I can imitate the spheres of the model’s body, her head,
Her mouth, the chin she rests at the bend of her elbow
But nothing tells me how to make the pupils spiral
From her gaze. Everything the eye sees enters a circle,
The world is connected to a circle: breath spools from the nostrils
And any love to be open becomes an O. The shape inside the circle
Is a circle, the egg fallen outside the nest the serpent circles
Rests in the serpent’s gaze the way my gaze rests on the model.
In a blind contour drawing the eye tracks the subject
Without observing what the hand is doing. Everything is connected
By a line curling and canceling itself like the shape of a snake
Swallowing its own decadent tail or a mind that means to destroy itself,
A man circling a railway underpass before attacking a policeman.
To draw the model’s nipples I have to let myself be carried away.
I love all the parts of the body. There are as many curves
As there are jewels of matrimony, as many whirls as there are teeth
In the mouth of the future: the mute pearls a bride wears to her wedding,
The sleeping ovaries like the heads of riders bunched in a tunnel.
The doors of the subway car imitate an O opening and closing,
In the blood the O spirals its helix of defects, genetic shadows,
But there are no instructions for identifying loved ones who go crazy.
When one morning a black man stabs a black transit cop in the face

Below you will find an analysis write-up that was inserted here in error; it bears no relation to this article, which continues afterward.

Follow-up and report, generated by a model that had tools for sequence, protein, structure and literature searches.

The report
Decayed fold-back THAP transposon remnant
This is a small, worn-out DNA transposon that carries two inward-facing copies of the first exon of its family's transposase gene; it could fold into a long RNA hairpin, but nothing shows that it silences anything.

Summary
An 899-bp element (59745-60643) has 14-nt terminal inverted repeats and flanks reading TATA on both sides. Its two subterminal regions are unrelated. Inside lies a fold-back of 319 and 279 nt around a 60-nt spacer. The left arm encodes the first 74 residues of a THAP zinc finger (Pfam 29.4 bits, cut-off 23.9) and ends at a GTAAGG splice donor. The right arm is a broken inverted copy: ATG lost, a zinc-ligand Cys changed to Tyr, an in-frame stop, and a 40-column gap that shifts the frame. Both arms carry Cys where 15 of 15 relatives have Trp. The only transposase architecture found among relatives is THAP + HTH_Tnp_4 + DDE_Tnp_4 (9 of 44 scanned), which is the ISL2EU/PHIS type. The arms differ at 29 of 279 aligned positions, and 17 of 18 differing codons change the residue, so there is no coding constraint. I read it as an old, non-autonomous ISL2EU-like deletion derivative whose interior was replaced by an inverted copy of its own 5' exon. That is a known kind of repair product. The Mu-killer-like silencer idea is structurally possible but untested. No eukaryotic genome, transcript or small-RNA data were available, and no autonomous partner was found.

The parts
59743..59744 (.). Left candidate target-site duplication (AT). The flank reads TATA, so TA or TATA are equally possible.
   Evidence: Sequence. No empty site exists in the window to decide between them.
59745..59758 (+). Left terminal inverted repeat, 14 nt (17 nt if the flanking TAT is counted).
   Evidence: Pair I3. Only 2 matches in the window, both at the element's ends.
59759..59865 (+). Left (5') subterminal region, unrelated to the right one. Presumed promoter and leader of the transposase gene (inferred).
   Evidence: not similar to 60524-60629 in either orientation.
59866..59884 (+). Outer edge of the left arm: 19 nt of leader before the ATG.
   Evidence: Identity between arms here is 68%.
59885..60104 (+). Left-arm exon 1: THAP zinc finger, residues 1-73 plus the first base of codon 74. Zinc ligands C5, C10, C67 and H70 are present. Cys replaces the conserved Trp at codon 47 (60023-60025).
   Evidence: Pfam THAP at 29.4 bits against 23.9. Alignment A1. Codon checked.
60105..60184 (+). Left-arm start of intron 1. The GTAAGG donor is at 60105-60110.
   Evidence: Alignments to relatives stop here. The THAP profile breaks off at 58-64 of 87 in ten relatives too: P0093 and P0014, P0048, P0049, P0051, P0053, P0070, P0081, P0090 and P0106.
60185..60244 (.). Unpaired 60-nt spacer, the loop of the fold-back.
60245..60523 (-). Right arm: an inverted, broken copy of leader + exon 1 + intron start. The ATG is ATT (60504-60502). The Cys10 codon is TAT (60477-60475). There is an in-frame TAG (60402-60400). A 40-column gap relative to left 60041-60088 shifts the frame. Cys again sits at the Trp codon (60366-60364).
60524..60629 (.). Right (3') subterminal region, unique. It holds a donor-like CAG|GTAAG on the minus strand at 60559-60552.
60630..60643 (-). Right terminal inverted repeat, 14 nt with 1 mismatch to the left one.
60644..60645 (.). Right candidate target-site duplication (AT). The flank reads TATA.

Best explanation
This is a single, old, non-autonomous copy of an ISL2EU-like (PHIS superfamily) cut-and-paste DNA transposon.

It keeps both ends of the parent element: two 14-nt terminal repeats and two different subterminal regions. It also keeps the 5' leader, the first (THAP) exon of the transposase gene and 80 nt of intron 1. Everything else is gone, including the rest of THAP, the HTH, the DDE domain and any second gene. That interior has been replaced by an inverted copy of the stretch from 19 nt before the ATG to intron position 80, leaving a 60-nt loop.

And the cop, bleeding from his eye, kills the assailant, no one traveling
To the subway sees it quickly enough to make a camera phone witness.
The scene must be carried on the tongue, it must be carried
On the news into the future where it will distract the eyes working
Lines into paper. This is what blind contour drawing conjures in me.
At the center of God looms an O, the devil believes justice is shaped
Like a zero, a militant helmet or war drum, a fist or gun barrel,
A barrel of ruined eggs or skulls. To lift anything from a field
The lifter bends like a broken O. The weight of the body
Lowered into a hole can make anyone say Oh: the onlookers,
The mother, the brothers and sisters. Omen begins with an O.
When I looked into my past I saw the boy I had not seen in years
Do a standing backflip so daring the onlookers called him crazy.
I did not see a moon as white as an onion but I saw a paper plate
Upon which the boy held a plastic knife and sopping meat.
An assailant is a man with history. His mother struggles
To cut an onion preparing a meal to be served after the funeral.
The onion is the best symbol of the O. Sliced, a volatile gas stings
The slicer’s eyes like a punishment clouding them until they see
What someone trapped beneath a lid of water sees:
A soft-edged world, a blur of blooms holding a coffin afloat.
The onion is pungent, its scent infects the air with sadness,
All the pallbearers smell it. The mourners watch each other,
They watch the pastor’s ambivalence, they wait for the doors to open,
They wait for the appearance of the wounded one-eyed victim
And his advocates, strangers who do not consider the assailant’s funeral
Appeasement. Before that day the officer had never fired his gun
In the line of duty. He was chatting with a cabdriver
Beneath the tracks when my cousin circled him holding a knife.
The wound caused no brain damage though his eyeball was severed.
I am not sure how a man with no eye weeps. In the Odyssey
Pink water descends the Cyclops’s cratered face after Odysseus